COVID-19: Family and Medical Leave Legislation

On Wednesday, March 18th, the President signed into law the Families First Coronavirus Response Act (FFCR). The FFCR applies to all employers with 500 or fewer employees and contains three primary sections related to employers: Emergency Family and Medical Leave Act Expansion; Emergency Paid Sick Leave Act; and Tax Credits for Paid Sick and Paid Family and Medical Leave. The FFCR is slated to take effect April 2, 2020 and will expire on December 31, 2020.

The FFCR applies to almost all private employers with fewer than 500 employees. Exemptions are for health care providers, emergency responders, and businesses with fewer than 50 employees—if the employer can establish that the requirements would “jeopardize the viability of the business”. Guidelines regarding what “jeopardizes the viability of the business” means have not been issued.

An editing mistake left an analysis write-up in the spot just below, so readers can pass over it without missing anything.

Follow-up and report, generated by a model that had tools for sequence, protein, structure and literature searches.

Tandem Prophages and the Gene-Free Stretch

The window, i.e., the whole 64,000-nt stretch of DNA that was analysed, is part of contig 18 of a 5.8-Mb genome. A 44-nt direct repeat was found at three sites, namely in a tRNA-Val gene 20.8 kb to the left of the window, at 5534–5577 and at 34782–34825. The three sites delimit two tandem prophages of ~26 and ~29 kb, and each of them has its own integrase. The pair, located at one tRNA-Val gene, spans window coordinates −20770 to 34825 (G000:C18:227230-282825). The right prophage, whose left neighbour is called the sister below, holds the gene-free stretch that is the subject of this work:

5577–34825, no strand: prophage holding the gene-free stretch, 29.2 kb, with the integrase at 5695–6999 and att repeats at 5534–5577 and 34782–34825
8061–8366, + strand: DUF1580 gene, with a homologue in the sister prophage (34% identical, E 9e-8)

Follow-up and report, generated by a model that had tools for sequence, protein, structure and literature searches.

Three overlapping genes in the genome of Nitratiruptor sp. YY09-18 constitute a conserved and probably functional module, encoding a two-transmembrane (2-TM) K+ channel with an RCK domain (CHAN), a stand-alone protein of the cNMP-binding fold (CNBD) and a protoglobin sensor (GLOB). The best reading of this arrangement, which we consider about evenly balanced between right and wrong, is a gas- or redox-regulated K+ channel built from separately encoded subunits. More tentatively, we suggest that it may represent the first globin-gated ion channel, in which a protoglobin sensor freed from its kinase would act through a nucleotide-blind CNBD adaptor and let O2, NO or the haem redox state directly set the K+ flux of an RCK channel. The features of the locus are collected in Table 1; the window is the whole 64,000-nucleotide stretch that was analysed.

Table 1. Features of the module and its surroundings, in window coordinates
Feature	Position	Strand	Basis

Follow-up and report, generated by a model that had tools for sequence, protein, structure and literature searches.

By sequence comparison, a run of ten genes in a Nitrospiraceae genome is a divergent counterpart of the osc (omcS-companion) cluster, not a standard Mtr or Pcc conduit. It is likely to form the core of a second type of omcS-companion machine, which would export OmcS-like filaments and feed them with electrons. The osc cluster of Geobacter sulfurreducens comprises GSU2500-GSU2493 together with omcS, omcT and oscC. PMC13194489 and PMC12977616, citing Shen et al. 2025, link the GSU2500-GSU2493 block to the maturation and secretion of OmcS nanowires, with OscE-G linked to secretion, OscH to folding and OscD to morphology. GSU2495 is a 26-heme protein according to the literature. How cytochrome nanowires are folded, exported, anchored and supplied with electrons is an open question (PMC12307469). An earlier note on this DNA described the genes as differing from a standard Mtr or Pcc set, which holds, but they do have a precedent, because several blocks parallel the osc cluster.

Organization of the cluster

Emergency Family and Medical Leave Act

Under the Emergency Family and Medical Leave Act, only employees who have worked for an employer for 30 calendar days are eligible to take leave for a “qualifying need due to a public health emergency.” A qualifying need is defined as an employee who is unable to work because the employee’s child, under the age of 18, is at home due to a school or day care closure or the unavailability of other child care providers because of a COVID-19 emergency. Employees may take up to 12 weeks of leave, with 10 of those weeks  paid as an extra benefit under the Act. The employer is not required to provide paid leave for the first 10 days (2 work weeks) of leave, but employees have the option to use other paid leave benefits to cover this period.  After the first 10 days, the paid leave should be calculated at two-thirds of the employee’s regular pay and capped at $200 a day and $10,000 in total.

Emergency Paid Sick Leave Act

The Emergency Paid Sick Leave Act requires paid sick leave when an employee cannot work due to one of the following:

  • The employee is under a federal, state, or local quarantine or isolation order because of COVID-19;
  • The employee is advised by a health care provider to self-quarantine because of COVID-19;
  • The employee has symptoms of COVID-19 and is seeking a medical diagnosis;